Kairos: Architecture and the Pause for Good Taste
Tarr, David L
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The following is the architectural narrative of a slow meal. Slowness is rich with meaning and expectations. I sought to explore slow not in terms of speed or a measured passage of time, but in terms of the passage of opportunity. Slow is the seizing of an opportunity - a pause for pleasure in the mundane. Architecture is fast, constantly engaging all our senses. It is through a deliberate pause that I find pleasure in thinking, drawing, and experiencing. Good taste is the wisdom that pleasure must be seized; the Latin sapor "taste" and sapiens "a wise man." I intend to explore slow in architecture through taste. Taste and architecture are uniquely linked to place. They both immediately establish place by engaging all senses simultaneously. Knowledge of the qualities of an ingredient or material, both seen and the unseen, inform drawing and building just as they do cooking and the meal. A recipe does not mean that a result is prescribed. An imprecise precision exists in drawing and cooking that varies every time it is done, allowing new discoveries to be made. I seek to discover how the act of making is evident in a drawing, a building, and a meal. The pleasure in making and the memory of the hand is a continuous narrative. I explore this narrative through a culinary school, restaurant, chefs residence, and a meal set on the Potomac River waterfront in Old Town Alexandria, Virginia at the terminus of Prince Street, south of Waterfront Park.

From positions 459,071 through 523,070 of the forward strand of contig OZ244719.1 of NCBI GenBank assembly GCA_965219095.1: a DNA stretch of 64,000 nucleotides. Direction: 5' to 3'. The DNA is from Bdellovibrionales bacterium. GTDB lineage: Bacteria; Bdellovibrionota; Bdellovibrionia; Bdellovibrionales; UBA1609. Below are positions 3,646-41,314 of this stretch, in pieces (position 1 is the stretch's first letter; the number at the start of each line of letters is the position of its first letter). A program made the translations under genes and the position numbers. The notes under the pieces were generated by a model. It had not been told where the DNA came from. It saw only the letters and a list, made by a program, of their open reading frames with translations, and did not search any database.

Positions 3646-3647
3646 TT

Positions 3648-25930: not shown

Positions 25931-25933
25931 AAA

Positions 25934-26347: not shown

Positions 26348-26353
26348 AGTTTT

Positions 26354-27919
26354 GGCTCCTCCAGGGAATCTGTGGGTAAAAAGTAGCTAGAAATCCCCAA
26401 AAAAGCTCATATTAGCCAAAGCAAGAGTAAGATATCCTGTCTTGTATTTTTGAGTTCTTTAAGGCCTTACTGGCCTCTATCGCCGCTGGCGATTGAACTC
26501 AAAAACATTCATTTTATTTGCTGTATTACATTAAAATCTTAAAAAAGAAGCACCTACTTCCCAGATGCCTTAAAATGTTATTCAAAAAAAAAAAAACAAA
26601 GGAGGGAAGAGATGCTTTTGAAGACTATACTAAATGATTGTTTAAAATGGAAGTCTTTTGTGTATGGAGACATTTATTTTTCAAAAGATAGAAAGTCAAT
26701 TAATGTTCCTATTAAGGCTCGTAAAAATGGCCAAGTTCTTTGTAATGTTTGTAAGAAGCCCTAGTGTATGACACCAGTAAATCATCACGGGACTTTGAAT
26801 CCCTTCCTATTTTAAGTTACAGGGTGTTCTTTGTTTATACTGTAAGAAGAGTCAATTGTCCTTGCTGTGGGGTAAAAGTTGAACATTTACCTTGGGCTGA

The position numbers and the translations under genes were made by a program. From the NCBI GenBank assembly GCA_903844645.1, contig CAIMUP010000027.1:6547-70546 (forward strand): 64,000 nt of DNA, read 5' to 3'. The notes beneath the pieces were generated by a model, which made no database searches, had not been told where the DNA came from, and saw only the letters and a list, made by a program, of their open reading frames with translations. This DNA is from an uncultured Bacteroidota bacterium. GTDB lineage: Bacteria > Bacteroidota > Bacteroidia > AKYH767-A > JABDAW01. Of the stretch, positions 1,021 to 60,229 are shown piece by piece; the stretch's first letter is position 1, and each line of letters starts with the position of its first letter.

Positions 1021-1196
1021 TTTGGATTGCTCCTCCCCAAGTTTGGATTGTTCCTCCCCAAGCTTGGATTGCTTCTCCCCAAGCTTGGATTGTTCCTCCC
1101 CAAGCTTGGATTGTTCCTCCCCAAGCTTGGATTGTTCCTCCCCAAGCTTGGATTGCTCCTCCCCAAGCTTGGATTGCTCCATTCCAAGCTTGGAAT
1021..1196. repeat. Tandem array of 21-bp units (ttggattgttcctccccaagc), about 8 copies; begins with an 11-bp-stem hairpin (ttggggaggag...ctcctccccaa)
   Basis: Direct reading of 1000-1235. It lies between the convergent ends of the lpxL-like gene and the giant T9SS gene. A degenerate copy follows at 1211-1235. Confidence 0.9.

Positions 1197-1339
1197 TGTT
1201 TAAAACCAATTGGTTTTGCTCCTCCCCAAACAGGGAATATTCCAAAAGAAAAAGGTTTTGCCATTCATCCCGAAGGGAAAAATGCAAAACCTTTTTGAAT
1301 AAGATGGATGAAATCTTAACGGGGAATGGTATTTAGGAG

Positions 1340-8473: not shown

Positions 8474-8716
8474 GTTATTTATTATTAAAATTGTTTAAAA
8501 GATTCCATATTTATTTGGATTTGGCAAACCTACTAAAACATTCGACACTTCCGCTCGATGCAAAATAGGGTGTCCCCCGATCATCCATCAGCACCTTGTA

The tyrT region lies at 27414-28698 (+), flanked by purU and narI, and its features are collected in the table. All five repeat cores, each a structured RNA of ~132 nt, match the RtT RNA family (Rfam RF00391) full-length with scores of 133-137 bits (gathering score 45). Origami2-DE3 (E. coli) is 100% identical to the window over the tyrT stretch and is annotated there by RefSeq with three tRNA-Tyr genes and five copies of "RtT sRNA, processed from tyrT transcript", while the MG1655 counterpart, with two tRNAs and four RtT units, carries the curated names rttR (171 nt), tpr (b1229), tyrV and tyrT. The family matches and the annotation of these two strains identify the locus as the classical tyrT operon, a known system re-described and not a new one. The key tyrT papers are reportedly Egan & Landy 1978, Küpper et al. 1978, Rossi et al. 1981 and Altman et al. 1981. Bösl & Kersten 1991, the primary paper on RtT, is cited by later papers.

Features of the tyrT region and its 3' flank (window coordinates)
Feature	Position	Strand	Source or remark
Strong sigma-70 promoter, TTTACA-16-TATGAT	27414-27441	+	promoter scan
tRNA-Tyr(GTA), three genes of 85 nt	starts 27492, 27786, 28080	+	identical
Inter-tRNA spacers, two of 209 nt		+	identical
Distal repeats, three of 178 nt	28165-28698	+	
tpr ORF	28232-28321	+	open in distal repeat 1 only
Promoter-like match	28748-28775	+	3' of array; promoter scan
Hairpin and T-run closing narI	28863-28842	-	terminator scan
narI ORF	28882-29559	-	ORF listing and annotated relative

- Masters Theses